Where the Spirit Has Hope

Story and Photographs by Meg McKinney

"It's a place where kids get to be kids."- Joy O'Neal

The riders and horses at the Spirit of Hope Youth Ranch move forward, one step at a time, but need care and patience before they do.  The calm, quiet horses show their muscle by carrying their riders and their baggage.

The baggage is packed with histories of abuse, loss of traditional family relationships, getting tossed from foster home to foster home, life in residential facilities and social problems.

The horses of many colors—chestnut brown, golden palomino, jet black,  pale grey—who calmly bear their riders’ baggage have saddlebags of their own, including former abusive owners, starvation, neglect, illnesses.

The horses found their way to the ranch with the red barn, green pastures and loving owners through adoptions from local rescue agencies and donations from individuals who knew the horses needed new homes.

For the riders and participants at Spirit of Hope, just spending a few hours there, if not several sessions, is a reward, typically, for good behavior.

It’s an honor and a privilege to get to groom  the horses—Aslan, Cisco, Job, Leo,  Savoy, Shadow, Zeke—and to saddle up and ride in the large exercise arena.

If a kid is unable to visit more than once a quarter, then, he or she learns to walk beside the horse with a lead line. Missy Cox, program director, and Lindsey Silver, barn manager, make sure the kids have a play time with the horses, involving obstacle courses, games and relay races.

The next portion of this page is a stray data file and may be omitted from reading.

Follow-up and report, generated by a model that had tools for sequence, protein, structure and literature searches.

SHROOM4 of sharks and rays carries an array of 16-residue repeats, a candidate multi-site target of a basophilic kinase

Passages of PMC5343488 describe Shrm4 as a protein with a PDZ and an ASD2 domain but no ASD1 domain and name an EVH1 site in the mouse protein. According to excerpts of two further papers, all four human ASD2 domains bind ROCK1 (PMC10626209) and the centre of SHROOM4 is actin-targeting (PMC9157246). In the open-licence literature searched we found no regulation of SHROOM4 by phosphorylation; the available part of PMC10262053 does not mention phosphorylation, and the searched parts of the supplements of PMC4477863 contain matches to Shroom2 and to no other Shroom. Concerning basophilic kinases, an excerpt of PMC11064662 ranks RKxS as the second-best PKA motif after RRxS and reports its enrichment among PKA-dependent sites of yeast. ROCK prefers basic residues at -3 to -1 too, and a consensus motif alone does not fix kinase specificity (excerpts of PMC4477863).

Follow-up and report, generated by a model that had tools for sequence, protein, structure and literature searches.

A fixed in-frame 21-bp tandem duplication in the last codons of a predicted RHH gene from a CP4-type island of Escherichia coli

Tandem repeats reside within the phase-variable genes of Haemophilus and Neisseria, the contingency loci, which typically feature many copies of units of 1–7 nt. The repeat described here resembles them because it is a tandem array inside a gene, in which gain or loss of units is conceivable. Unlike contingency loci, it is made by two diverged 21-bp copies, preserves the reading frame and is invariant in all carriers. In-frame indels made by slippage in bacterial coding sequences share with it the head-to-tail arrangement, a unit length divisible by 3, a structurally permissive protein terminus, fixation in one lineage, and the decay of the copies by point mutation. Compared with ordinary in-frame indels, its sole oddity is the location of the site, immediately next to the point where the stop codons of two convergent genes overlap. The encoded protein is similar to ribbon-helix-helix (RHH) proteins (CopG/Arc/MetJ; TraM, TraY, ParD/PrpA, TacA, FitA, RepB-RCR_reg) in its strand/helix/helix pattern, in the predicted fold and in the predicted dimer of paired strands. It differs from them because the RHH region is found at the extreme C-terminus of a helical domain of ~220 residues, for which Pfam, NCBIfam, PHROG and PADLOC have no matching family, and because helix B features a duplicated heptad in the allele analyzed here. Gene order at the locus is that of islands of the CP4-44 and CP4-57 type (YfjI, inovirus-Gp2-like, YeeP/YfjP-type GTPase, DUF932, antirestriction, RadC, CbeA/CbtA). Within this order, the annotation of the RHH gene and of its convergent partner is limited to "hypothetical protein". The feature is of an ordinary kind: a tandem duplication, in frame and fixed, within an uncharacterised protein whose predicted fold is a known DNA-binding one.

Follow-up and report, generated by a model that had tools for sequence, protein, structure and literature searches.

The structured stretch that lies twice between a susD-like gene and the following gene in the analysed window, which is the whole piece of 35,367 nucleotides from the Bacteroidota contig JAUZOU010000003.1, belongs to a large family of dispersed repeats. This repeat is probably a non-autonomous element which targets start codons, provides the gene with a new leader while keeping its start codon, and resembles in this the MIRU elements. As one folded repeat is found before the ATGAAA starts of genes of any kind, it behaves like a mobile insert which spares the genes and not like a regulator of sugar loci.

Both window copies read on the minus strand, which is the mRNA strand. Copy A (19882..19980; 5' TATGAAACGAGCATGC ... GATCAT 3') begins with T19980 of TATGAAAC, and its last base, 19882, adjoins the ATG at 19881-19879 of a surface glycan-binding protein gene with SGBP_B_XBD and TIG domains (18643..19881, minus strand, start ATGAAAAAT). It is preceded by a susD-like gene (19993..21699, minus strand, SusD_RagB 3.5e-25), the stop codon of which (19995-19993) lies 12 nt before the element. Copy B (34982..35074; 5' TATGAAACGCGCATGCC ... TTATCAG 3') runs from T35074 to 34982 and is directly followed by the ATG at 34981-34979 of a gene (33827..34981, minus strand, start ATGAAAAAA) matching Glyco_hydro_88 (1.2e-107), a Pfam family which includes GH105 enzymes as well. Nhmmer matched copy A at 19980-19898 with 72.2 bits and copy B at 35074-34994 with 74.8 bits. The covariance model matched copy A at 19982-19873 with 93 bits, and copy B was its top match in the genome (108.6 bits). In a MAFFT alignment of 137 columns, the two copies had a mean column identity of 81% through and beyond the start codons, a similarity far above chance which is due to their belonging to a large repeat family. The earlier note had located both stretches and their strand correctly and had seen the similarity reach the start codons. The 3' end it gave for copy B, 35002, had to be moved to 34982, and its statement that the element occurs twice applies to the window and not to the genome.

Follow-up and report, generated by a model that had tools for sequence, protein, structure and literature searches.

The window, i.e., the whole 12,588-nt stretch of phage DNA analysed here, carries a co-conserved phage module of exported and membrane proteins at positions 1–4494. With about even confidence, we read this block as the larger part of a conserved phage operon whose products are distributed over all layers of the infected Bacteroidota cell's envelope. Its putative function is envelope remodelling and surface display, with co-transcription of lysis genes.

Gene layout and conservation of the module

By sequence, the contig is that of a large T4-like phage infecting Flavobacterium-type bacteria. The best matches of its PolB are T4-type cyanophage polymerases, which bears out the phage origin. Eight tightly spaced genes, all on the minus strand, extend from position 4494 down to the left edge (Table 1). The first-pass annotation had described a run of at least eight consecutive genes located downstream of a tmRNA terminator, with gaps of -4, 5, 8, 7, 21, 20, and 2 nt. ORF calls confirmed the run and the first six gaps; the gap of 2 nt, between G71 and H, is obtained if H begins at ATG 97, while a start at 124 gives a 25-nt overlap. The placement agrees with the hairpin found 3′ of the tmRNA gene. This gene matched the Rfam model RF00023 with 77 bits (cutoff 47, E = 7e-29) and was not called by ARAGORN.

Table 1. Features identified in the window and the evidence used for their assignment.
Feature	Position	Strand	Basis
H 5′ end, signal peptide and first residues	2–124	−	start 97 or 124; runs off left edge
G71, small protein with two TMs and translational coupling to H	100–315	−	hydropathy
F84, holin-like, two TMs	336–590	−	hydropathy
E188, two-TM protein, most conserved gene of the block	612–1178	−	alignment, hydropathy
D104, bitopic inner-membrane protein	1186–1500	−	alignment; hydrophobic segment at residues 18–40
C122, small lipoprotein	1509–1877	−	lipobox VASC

Adorned in pink–satin Easter bunny ears, Cox organized egg races for riders and walkers, where the low-lying obstacles, traffic cones and hay bales had names  reflecting real-life: “learning to navigate the path of life” (a crooked walkway, narrow in parts), temptations (hay for the horses, so the horse would want to stop walking and eat), and “things you got to get over” (wooden rails to step over).

In another event, riders must carry an egg in a spoon in each hand, as a volunteer leads the horse. If they drop an egg, they have to start their relay over.

At the completion of the relays, the kids are allowed to keep the chocolate-candy contents of the plastic eggs.

One boy asks, “Do we win money?” The answer is a flat no.

“It’s a place where kids get to be kids,” Joy O’Neal, director and a volunteer, says with a smile. For example, after going for a ride, feeding the horses and returning them to their pastures, two of the boys check out a watery hole in the ground next to the water trough where a large frog resides.

“Not in your pocket,” a volunteer tells one of the boys, who has his hands behind his back and is trying to do just that—put the frog in his pocket. The boys sure want to take the frog home with them.

Spirit of Hope Youth Ranch is also “a place for quiet, for redemption, a place to turn all the bad stuff into something good,” O’Neal says.

The kids have to learn to communicate with an animal that is larger then they are and doesn’t speak. The learned skills can be applied to their lives.

For the shy or withdrawn, this means learning to speak to a horse with confidence—“walk,” “forward,” “whoa.”

Terrified kids facing court appearances learn “to use their horse voices when they testify.”

The overly outgoing learn “to talk to horses they way you’d like to be talked to,” O’Neal adds. “This teaches empathy and consideration. Skills they should have learned at home.”

The program wouldn’t be a success without the volunteers, both men and women. “The volunteers are the heart of the agency,” O’Neal says proudly. “We have the best volunteers in the world.”

Volunteer Larry Siegal is asked why he wants to help out at the ranch. “I like to watch the magic between the horse and the kid, and I felt it was time to give back,” he says.

After an orientation and basic training for working with horses, volunteers are given a complete guidebook to follow. Then they are assigned to a horse that is assigned to a kid. No youth is alone with a horse when grooming or riding, and no adult is alone with a youth. Each session is a group event.